IS THE MIDDLE EAST SAFE FOR SOLO FEMALE TRAVELLERS? MY HONEST OPINION OF OMAN, QATAR AND THE UAE

crossing5oceans.com | Published December 14th, 2020 | Last Updated December 29th, 2020

Sun lighting up the floral tiled entry floor of the Grand Mosque, Abu Dhabi

The Floral Tiled Entry Floor of the Grand Mosque in Abu Dhabi


To answer the question regarding the safety of solo Middle East travel I suppose you need to ask yourself what countries you plan to explore. There certainly are destinations that are less progressive and have more regulations; for the purposes of this post I will only write about the countries I had the opportunity to visit, which were Oman, Qatar, and the UAE.


When telling my family about my plans to travel to the Middle East they had reservations. I'll admit I had reservations also, big ones! I was nervous about the unknown and I was leaving the familiar European cities I had become accustomed to exploring in the previous eight years of travel. Now, I look back on my three weeks in these countries and laugh at myself for being nervous; there wasn't a single moment during my entire stay that I felt threatened or unsafe in my surroundings. Hindsight really is 20/20.

Do you still need to be vigilant? Absolutely! But I would advise the same if you're travelling to Europe or South America or anywhere else on the planet. There are different customs to be aware of and I've listed them here so you can enjoy your own solo travels fret-free to these incredible countries.


Respect the Culture

THE ADAGE OF 'TREAT OTHERS AS YOU'D LIKE TO BE TREATED' APPLIES HERE - You wouldn’t want people visiting your country and being disrespectful of the laws and customs that make up your culture, and the same goes for the Middle East (anywhere really). When visiting Middle Eastern Countries observe the following:

  • Don't wear booty shorts, low cut tops, skin tight clothing etc. If you do, you're bound to bring unwanted negative attention to yourself.

  • When entering a mosque or any place of worship, be sure to have a headscarf and keep it on. Some of the mosques have a policy that's stricter than others. For example, in the Grand Mosque in Abu Dhabi you're required to cover more of your skin than the other mosques and women are given a dress/robe before entering.

Go on a Local Tour

BEING WITH A LOCAL GUIDE IS THE PERFECT OPPORTUNITY TO LEARN ABOUT THE REGION, CULTURE & CUSTOMS - Doing this at the beginning of the trip helps open your eyes to the differences in the customs and has the added benefit of making you feel at ease in surroundings that are foreign to you. Remember, people for the most part, are proud of the country they reside in, and their culture. Showing interest in their customs and asking questions is not offensive it’s respectful, as long as those questions are in good taste.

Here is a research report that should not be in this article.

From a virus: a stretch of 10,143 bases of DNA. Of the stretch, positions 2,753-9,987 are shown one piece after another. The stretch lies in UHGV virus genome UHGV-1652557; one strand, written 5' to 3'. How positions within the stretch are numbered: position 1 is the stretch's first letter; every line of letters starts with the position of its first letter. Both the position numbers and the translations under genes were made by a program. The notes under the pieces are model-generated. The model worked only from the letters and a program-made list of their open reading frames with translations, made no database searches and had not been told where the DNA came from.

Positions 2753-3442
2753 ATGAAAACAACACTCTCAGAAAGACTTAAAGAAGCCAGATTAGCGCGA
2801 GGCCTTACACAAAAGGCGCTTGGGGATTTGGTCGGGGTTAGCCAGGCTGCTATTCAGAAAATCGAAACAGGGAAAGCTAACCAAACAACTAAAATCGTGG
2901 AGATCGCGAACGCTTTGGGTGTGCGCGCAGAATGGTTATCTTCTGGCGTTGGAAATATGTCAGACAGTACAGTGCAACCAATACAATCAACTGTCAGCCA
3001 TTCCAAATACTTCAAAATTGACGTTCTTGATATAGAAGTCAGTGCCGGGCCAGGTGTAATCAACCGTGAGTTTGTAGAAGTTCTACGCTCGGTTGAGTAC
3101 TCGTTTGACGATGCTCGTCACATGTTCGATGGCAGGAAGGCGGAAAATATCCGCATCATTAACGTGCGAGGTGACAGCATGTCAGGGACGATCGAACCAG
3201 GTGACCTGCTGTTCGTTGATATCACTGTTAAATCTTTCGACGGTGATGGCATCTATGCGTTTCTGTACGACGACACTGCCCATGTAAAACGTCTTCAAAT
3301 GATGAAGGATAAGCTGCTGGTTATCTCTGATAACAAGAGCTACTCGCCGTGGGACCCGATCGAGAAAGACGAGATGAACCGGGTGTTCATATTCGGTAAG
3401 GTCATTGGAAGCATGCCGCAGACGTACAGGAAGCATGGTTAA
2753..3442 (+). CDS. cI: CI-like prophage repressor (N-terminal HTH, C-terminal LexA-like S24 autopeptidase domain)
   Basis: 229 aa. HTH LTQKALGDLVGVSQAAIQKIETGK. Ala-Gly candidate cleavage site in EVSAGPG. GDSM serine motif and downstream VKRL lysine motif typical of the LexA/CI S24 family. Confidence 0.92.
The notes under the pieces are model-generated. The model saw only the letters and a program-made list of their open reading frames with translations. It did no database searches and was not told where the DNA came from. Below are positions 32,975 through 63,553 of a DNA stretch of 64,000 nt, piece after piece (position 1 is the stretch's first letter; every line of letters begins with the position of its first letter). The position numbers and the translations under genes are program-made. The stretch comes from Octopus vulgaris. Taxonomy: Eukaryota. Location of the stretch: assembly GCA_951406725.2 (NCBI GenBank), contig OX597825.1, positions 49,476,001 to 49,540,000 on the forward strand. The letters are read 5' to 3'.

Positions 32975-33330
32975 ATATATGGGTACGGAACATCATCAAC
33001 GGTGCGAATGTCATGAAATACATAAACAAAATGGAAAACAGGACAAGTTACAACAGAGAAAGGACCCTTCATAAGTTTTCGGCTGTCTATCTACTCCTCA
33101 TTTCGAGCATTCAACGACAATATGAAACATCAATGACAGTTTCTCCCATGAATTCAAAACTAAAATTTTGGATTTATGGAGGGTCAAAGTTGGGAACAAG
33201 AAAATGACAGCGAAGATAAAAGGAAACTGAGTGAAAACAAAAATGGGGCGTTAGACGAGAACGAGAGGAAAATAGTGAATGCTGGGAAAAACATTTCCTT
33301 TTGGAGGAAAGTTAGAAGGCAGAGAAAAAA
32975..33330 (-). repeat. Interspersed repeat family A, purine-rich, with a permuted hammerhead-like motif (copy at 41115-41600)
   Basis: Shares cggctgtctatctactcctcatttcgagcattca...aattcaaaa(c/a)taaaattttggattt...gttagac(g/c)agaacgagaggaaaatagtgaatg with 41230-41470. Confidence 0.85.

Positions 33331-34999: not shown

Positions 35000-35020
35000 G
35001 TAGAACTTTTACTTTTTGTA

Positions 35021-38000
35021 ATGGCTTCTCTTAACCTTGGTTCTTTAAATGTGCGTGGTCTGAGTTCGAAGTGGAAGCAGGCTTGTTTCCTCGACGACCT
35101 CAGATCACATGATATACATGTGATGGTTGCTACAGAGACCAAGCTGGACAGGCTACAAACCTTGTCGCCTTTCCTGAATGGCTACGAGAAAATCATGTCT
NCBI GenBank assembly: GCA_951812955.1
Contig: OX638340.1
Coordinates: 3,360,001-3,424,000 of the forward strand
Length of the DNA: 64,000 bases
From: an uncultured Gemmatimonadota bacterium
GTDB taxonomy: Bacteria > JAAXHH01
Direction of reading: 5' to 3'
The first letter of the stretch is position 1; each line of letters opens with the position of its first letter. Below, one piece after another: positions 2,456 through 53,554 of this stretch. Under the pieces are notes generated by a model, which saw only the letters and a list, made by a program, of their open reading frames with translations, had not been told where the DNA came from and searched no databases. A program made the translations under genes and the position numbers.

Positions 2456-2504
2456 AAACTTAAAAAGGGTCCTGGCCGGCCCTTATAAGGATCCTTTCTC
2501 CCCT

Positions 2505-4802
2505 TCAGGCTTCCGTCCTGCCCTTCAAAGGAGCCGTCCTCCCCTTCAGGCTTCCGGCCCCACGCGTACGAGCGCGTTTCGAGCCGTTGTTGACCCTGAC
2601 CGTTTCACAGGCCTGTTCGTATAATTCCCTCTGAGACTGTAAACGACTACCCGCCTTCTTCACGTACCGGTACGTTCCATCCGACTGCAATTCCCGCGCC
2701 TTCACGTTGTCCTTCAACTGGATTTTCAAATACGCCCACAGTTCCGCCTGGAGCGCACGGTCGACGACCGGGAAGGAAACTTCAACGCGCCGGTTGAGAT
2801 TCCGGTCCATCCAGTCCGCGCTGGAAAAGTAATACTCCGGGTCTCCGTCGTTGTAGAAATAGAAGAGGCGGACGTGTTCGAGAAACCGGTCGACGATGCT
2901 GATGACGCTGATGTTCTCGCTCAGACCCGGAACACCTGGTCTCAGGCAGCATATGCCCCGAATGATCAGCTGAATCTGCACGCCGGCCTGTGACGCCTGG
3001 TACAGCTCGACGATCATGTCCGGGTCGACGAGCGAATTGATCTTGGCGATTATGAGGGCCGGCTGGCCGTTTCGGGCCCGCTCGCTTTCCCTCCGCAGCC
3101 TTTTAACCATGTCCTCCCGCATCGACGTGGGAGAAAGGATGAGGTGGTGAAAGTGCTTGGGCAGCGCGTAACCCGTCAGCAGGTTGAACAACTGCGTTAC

Tour guide showing flora on desert safari tour in Dubai

Desert Safari Tour with Platinum Heritage in Dubai


Taking Taxis

THERE ARE WOMAN - ONLY TAXIS FOR TRANSPORTATION - There are pink taxis popping up in many Middle Eastern countries. These cabs are driven strictly by women and only women or families are allowed to catch a ride in them. The cars will be either entirely pink or they'll have a pink roof. The cabs used for men or cabs in general have a red roof. I rode in the woman-only and the regular taxis and didn't have a preference; I felt safe in both types of transport.


How to order a pink taxi:

  • In Dubai, the number to call is 04-2080808

  • In Doha, download the Pink Driver App

  • In Muscat, pink taxis were supposed to be available as of 2018 but the contact information has yet to be posted.


Women only taxi service.  Pink taxis in the Middle East

Pink Taxis Will be Either All Pink or Have Pink Roofs


Taking the Metro

THERE ARE WOMAN - ONLY CARS ON THE METRO. When you arrive at the platform of the stations in Dubai you'll notice areas marked off on the ground that indicate where to stand to enter the train. As you can see in the photo below, there's both English and Arabic writing on the ground that indicates that the cabin is for woman and children only. You'll also notice there are woman and children icons on the area above the entrance doors in the blue strip.


To the left and right of the entry doors, there are small red signs with a caution symbol on them. These signs indicate that a male will be fined AED 100 if they're found in those cabins. If you happen to be travelling with a male ensure everyone is getting into the correct car.

Three woman waiting for the woman-only cabin on Dubai Metro

Using the Woman and Children-Only Cabins on the Dubai Metro


Safety